I have a weekly e-newsletter that goes out to my pharmaceutical clientele, and for that, I use Constant Contact. Why? Because I saw their logo at the bottom of other newsletters that I received over the years, and when it was time to start my business, they were a familiar name. And, I’ve had no disappointments – it’s been easy to use, without glitches.

I have also heard good things about ExactTarget, and I’m sure they’re worthy of consideration as well.

If I were starting from scratch, however, I’d certainly take a look at Emma. Why? I love the “attitude” on their website. And then there is this testimonial. And, they’re in Nashville, next to my old stomping grounds at Vanderbilt. Some people shy away from the human element in their web presentation, but these folks revel in it, and for certain types of services, I think that is quite appropriate.

Back to the Past

Every once in a while, my eye catches an advertisement on-line that forces me to click – not because I care one whit about the thing being advertised, but because the graphical design or message is so compelling.

Yes, I’m sick. I know.

This morning, it was a banner ad for Ancestry.com. I thought that the logo, the color combinations, and the typeface were so well put together, that I had to go to the site. And I was not disappointed. A great site design – very pleasing to the eye. Somebody with real talent did this interface.

I have a mild interest in genealogies – nothing inordinate – but if I ever want to dig deeper into the past, guess where I’ll go?

A not-so-regular marketing campaign

The Wall Street Journal’s Marketing section this morning has a very interesting article about P&G’s new marketing approach for Metamucil, the fiber supplement typically marketed for “regularity.”

Now, they want to tap into the endless well of vanity/health/beauty dollars by re-positioning it as a product whereby you can “Beautify Your Inside.”

From the article:

Nowhere do the ads mention “regularity” or “constipation,” as the old ones did. Instead, a voiceover coos that Metamucil does more than “cleanse your body,” and explains it is useful in reducing cholesterol and fighting heart disease. “Just add Metamucil to your already diva-conscious diet, and your insides will be haute, haute, haute,” say the print ads that will start this spring, featuring a young, slim model with the caption, “Drop-dead gorgeous guts.”

“When you feel healthy on the inside, it really does affect how you project yourself on the outside, and how you really look,” says David Corr, executive creative director for Publicis Groupe, the agency that created the Metamucil ads. “Sure you want to put on a nice dress, but why wouldn’t you want to tone your insides, too?”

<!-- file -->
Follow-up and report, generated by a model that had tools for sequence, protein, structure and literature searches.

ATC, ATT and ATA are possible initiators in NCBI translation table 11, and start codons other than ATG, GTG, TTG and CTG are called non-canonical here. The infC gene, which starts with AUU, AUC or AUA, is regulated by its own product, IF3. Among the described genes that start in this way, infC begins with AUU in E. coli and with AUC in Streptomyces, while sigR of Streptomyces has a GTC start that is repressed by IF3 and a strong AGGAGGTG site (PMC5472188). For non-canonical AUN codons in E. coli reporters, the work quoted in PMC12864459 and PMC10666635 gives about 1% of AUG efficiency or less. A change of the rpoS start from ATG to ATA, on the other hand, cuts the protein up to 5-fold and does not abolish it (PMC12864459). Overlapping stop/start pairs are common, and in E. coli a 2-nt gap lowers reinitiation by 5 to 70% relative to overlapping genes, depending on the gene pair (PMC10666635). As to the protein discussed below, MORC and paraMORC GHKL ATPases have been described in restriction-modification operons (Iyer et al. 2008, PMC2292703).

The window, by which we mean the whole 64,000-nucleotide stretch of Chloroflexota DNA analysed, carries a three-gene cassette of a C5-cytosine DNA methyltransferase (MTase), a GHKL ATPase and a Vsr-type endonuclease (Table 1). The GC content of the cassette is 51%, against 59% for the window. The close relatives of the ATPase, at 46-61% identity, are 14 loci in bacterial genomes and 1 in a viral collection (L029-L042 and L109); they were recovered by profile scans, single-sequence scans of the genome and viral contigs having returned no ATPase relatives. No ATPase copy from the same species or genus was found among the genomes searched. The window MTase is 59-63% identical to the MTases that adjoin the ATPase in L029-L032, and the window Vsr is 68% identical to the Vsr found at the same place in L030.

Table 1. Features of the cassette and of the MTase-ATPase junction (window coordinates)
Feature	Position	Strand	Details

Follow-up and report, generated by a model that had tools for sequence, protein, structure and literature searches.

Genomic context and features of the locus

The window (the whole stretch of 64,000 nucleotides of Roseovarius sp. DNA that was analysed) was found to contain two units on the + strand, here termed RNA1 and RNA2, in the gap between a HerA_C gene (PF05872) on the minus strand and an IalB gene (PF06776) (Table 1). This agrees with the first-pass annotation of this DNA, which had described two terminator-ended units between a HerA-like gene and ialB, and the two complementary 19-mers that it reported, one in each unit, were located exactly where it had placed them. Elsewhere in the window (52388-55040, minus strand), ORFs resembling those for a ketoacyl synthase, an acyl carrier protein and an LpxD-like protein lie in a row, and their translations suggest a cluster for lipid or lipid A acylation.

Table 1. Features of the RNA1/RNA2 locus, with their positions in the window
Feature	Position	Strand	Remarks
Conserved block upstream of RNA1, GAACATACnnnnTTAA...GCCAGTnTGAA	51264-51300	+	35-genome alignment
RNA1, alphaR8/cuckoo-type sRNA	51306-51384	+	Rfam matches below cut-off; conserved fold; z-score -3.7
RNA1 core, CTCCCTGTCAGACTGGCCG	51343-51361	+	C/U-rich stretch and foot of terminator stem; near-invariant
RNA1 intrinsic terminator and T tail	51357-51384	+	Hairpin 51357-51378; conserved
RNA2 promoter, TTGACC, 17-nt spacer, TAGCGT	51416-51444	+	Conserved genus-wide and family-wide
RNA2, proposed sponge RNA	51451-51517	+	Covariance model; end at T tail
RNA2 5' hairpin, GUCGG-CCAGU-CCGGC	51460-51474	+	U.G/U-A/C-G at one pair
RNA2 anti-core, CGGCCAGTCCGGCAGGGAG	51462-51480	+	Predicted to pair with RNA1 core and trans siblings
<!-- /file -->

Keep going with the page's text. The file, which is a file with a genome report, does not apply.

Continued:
I have three things to say about this morning’s marketing read:

1. P&G’s approach is brilliant. I predict that it will succeed. People will grasp at anything to try to feel both beautiful and healthy, so why not some intestinal mascara?

2. The WSJ did a great job of tantalizing to the article by putting an enticing picture up on the masthead, with a lead-in to the article entitled, “Why P&G sees Beauty in a Laxative.” Great blurb – somebody there has been digesting the book Made to Stick.

3. This whole thing about inner beauty via fiber intake is a crock, of course. It also leads to some imaginatively funny alternative taglines, most of which I cannot write in this blog.

Well, I’d better stop here – time to shower, shave, down some castor oil, and face the world!

Giving Citi some credit

It’s easy to pick on the foibles of various companies when they do something wrong. But it’s always nice to point out when a company does something right.

I recently got a Citibank credit card. I had a minor issue to clear up, so I called the toll-free number shown on the card. From there, FOUR things went right:

1. Almost immediately on the automated phone system, the option was given to reach a human being. Having just yesterday been through touch-tone purgatory with my ISP, this was a refreshing change.

2. A person picked up right away. On a Saturday morning. Nice.

3. As I explained the situation, she instantly understood the issue and said she’d take care of it. No fuss, no muss. Nice job, Yvonne.

4. Then, when I mentioned one slight anomaly on the website when I logged in, she said she’d have the web person take care of it right away.

How to build customer appreciation and loyalty? Here’s a good 4-part starting point!

New DVD – it’s in the cards

One of my sons just came home with the new James Bond DVD (Casino Royale). Ah, but this was no ordinary DVD packaging. This oversized box contained, not only the 2-disc movie edition, but also 2 decks of cards (with Casino Royale “branding”) plus one high-quality poker chip.

I’ve always been a fan of “enduring” give-aways – swag that you can’t bring yourself to throw away because it is perceived to be too valuable, too useful, too unique, or too attractive. Pens – too much competition. Labeled candies – barely any shelf life. But these playing cards won’t be easy to toss out. My Impactiviti tile coasters – too nice to toss. I also find it very difficult to toss pads of writing paper – I still have some from conferences years back.